Study: No Bias In News Outlets' Images Of Trump

A new study used artificial intelligence technology to analyze the images of President Trump in over 5,000 news articles, and found no systematic bias in the way he is portrayed by left- and right-leaning media outlets.

“President Trump often says the media are biased against him, but that’s not true when it comes to the imagery used to portray him,” said Anastasia Leng, CEO of Picasso Labs, a New York-based company which conducted the study.

Picasso Labs used its proprietary, AI-driven image recognition system to analyze images of President Trump from 12 U.S. news sources, August 2016 through March 2017.

The media outlets were chosen based on a Pew Research Center study of political polarization and media habits of the American news audience, which categorized each outlet as liberal, conservative or moderate.

Picasso Labs' study included The New York Times, The Washington Post, Politico and Slate, deemed “liberal.” “Moderate” outlets included USA Today, Bloomberg, ABC News and NBC News. Fox News, Breitbart, The Washington Times and TheBlaze were considered "conservative."

“Each media organization is not using imagery to influence the perception of Donald Trump,” Leng told Publishers Daily. “While the media may have its own point of view, a lot of media organizations do subscribe to an oath of accurate and fair journalism."

The team at Picasso Labs hypothesized that liberal media would use images of President Trump alone or angry, to show he is lacking support, while conservative media would show him happy, and surrounded by crowds of people, “emphasizing his mass appeal.”

They compared images of Trump angry, happy, with crowds, alone, with family, without family, with soldiers and flags, and at the oval office.

The study found The New York Times had the most even image distribution of all the outlets analyzed. The publication had the most variety of images of President Trump. Trump alone and rump with the American flag were the photos used the most, by a wide margin.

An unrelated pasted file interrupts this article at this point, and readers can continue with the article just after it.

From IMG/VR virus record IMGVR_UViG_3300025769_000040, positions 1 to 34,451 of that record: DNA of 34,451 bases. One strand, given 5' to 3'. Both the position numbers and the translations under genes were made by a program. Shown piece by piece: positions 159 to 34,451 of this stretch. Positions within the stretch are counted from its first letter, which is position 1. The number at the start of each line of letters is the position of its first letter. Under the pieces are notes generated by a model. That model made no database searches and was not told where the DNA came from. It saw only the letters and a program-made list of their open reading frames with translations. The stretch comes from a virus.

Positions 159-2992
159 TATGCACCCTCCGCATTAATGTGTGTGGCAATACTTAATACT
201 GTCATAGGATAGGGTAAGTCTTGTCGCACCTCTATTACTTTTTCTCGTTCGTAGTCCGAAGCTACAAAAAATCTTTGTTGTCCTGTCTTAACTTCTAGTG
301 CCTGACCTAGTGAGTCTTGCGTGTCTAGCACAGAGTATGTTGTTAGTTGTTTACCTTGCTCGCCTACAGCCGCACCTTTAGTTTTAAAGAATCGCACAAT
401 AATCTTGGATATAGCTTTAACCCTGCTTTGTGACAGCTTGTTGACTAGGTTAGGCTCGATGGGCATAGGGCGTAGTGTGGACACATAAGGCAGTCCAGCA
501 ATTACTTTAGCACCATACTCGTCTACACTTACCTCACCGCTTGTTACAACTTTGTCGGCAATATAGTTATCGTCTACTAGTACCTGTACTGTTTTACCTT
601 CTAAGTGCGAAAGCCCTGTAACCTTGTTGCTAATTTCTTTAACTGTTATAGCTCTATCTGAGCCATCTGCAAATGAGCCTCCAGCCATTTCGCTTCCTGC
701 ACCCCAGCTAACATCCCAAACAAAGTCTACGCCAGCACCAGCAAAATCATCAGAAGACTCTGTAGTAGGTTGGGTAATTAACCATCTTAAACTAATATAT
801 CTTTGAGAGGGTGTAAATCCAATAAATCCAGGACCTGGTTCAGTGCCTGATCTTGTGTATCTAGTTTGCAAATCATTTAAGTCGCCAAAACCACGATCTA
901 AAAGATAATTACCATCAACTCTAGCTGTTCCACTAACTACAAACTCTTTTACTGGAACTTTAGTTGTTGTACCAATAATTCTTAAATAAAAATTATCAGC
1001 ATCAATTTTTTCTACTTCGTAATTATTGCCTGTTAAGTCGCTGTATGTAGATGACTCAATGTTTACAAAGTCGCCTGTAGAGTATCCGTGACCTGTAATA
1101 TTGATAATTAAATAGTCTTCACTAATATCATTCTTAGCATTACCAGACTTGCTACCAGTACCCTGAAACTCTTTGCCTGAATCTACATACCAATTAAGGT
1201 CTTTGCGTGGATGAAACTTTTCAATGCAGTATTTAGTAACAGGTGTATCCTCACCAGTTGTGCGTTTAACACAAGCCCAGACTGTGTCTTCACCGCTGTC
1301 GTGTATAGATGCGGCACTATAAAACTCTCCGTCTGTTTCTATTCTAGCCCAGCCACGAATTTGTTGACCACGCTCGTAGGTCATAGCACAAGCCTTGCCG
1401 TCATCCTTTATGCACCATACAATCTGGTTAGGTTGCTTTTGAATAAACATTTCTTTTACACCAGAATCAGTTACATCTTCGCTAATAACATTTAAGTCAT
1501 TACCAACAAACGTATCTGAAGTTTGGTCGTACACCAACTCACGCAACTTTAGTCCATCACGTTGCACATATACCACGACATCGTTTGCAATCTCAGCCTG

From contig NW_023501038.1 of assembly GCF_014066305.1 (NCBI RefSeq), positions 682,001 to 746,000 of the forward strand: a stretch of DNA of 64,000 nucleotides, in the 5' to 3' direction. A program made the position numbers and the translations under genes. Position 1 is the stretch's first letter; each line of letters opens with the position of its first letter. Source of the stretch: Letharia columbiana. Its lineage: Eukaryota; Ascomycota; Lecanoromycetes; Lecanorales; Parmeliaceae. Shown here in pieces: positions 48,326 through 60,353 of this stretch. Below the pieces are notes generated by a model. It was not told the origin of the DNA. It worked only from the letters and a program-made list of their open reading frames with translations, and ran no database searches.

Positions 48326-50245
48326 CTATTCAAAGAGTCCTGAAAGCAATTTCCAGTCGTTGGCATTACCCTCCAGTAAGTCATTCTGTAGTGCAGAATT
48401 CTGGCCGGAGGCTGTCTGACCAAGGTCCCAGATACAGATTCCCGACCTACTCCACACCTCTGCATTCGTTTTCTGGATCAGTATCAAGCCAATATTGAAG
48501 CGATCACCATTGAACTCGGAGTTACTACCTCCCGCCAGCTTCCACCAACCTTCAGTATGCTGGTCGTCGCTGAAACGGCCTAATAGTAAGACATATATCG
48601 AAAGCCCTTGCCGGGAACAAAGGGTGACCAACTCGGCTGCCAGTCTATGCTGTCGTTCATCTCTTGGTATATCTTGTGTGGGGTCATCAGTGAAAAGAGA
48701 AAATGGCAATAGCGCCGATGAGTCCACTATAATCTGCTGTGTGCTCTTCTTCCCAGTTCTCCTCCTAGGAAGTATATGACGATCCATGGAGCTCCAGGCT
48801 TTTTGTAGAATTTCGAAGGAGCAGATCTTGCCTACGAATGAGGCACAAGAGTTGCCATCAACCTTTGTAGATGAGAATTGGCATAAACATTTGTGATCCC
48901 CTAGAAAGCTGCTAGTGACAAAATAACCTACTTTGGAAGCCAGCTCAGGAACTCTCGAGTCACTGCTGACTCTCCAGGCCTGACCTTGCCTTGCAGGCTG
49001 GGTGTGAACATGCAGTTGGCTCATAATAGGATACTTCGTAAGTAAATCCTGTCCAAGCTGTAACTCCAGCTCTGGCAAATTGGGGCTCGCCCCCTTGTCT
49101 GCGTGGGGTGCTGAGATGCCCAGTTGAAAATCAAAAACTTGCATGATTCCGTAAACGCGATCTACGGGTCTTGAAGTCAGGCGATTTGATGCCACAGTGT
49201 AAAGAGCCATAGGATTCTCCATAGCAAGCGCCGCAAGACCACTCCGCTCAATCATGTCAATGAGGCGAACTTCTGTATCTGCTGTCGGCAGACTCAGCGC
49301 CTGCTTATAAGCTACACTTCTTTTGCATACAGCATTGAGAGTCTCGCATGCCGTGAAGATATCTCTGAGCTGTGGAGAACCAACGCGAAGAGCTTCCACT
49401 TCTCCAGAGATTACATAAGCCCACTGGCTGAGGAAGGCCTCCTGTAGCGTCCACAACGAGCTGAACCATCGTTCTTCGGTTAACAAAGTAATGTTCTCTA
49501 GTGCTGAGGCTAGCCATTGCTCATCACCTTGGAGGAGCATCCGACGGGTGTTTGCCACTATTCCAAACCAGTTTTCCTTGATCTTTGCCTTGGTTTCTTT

Interestingly, both liberal and moderate media used imagery of President Trump surrounded by crowds with much greater frequency than the conservative media.

Almost half of all images studied by Picasso Labs from the 5,000 media outlets showed Mr. Trump angry. Liberal media outlets had the lowest percentage (44.41%) of angry Trump images.

Liberal media outlets published the highest percentage of happy Trump images (23.22% compared to 20.21% for conservative and 20.08% for moderate).

Liberal media used imagery of Trump’s family more frequently than conservative media.

“This surprised us because we assumed conservative media would be more likely to us imagery of Trump’s family to show strong, healthy family ties,” said Leng.

The liberal news outlets in the study featured Trump with service men and women more frequently than conservative media as well.

Leng, who worked on Google ad tech products before launching Picasso Labs in 2015, said the study shows the images of Trump “were not used to sway or manipulate the public’s opinion.”

Leng said the idea for the study came from conversations among her team about fake news and media bias, and whether it was being reflected in the images news outlets chose to use.

She said that while there was “a ton” of research on text bias, they found a lack of studies on images publications were using to portray the president.

Picasso Labs is considering using its technology to study imagery bias for Hillary Clinton, to compare news outlets' portrayal of her leading up to the 2016 election, Leng added.

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